Education: Cartersville High School, 1970; West Georgia College, 1974; Woodrow Wilson College of Law, 1977.

Age: 59

You represent several local governments. How many government entities do you represent?

A. I represent the counties of Bartow and Union along with the cities of Adairsville, Emerson, Euharlee, White and Taylorsville. I also represent the Bartow County Board of Education, the Etowah Area Consolidated Housing Authority and various development authorities.

How did you get into governmental law and how do you keep it all straight?

A. My father practiced law in Cartersville until his premature death in 1980. He served as the attorney for the cities of Emerson and White. He also served as city judge for the city of Cartersville. After law school, I worked as a law clerk for superior court judges in Bartow and Gordon counties. Thereafter, I was blessed to practice law with my dad for six months before his death. My lifelong dream was to practice law with him. He was interested in politics and local government law. I followed his interest as a young person growing up in Cartersville. After his death, Emerson and White asked me to serve as their attorney. I was honored and decided to develop a local government practice.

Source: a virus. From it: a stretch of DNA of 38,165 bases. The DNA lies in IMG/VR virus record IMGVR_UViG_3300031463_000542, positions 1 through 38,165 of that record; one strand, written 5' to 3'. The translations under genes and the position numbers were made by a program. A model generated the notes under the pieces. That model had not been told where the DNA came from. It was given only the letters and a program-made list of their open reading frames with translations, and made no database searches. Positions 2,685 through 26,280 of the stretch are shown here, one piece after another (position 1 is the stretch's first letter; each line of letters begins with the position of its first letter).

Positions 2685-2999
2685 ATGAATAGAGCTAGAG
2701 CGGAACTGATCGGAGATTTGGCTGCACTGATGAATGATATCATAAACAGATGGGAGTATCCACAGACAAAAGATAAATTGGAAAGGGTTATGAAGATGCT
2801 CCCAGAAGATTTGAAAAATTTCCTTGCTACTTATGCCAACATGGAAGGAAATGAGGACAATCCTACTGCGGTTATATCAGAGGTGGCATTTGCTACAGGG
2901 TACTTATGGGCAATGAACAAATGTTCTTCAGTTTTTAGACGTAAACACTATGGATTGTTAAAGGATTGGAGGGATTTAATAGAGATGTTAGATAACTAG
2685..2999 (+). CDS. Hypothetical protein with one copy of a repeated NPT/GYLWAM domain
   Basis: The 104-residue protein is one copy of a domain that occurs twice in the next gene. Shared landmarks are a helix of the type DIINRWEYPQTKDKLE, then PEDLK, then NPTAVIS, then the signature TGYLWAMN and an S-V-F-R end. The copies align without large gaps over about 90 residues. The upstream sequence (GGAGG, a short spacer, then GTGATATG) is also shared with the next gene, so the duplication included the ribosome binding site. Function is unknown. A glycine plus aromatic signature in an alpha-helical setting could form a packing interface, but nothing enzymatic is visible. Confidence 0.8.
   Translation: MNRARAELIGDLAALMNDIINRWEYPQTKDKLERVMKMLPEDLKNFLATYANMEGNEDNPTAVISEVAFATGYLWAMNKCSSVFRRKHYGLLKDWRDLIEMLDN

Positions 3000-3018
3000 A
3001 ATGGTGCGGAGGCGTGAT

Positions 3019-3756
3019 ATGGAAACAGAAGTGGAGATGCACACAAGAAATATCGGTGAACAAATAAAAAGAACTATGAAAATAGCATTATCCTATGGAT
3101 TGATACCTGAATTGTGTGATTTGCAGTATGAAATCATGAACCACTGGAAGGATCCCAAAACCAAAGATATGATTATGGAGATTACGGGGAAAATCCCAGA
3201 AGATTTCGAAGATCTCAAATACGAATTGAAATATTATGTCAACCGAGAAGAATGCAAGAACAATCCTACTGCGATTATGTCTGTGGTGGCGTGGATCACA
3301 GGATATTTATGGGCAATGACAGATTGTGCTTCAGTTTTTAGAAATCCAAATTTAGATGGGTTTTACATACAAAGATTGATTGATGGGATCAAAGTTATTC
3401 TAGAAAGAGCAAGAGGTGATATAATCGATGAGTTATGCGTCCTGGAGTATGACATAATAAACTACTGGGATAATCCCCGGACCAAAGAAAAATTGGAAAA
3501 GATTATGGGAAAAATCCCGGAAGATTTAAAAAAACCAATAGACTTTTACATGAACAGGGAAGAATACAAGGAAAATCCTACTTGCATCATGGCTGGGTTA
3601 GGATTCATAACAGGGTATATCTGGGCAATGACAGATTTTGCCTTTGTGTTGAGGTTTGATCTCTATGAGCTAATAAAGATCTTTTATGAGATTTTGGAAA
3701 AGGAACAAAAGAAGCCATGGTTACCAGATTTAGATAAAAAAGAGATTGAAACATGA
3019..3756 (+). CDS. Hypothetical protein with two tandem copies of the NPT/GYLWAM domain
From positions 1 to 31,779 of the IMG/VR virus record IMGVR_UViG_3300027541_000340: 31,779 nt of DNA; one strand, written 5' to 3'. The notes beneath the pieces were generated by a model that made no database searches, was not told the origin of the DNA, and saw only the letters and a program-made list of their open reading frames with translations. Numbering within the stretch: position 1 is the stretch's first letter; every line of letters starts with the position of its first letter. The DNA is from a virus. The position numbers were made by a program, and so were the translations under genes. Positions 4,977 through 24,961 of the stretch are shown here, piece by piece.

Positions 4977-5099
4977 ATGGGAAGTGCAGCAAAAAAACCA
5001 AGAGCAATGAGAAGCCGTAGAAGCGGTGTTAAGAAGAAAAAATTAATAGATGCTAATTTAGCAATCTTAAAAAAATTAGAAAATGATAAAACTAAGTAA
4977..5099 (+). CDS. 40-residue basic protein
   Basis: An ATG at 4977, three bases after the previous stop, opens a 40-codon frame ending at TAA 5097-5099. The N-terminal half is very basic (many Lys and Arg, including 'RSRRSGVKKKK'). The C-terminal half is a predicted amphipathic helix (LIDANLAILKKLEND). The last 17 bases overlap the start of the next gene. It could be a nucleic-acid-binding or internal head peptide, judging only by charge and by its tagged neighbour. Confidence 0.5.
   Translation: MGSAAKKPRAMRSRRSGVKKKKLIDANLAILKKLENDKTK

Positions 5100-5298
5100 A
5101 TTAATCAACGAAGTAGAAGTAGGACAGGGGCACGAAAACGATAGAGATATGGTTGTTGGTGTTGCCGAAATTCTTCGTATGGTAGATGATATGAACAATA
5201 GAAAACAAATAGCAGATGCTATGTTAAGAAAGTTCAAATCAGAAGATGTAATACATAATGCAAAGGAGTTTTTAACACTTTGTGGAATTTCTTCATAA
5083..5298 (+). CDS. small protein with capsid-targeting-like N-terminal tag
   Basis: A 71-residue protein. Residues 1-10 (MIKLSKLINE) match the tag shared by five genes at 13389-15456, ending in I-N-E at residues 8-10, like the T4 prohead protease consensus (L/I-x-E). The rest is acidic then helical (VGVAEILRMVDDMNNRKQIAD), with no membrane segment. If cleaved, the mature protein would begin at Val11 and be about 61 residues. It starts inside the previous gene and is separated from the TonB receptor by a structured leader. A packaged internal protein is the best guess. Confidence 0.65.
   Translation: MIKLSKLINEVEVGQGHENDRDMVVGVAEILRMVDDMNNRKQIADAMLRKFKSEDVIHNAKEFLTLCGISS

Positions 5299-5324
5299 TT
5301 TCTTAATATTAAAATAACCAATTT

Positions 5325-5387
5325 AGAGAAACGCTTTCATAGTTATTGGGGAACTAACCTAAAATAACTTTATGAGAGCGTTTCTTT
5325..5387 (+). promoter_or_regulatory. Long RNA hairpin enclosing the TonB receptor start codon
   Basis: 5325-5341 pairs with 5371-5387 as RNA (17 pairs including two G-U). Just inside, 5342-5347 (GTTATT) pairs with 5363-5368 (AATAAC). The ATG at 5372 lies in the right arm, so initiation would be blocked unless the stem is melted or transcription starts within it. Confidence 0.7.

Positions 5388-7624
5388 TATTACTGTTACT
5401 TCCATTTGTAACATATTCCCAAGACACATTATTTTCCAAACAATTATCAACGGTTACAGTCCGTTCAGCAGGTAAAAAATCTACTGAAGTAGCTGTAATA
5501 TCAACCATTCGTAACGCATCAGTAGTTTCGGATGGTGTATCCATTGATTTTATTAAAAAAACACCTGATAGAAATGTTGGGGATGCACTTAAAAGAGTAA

Some attorneys have a real estate practice, others a litigation practice, others a corporate practice, others a domestic practice. I happen to enjoy local government and education law. Representing elected and appointed officials is an honor. They are very good and dedicated people. It is not hard to keep it all straight; it is just important to provide the best advice, understand their dedication and earn/appreciate their trust.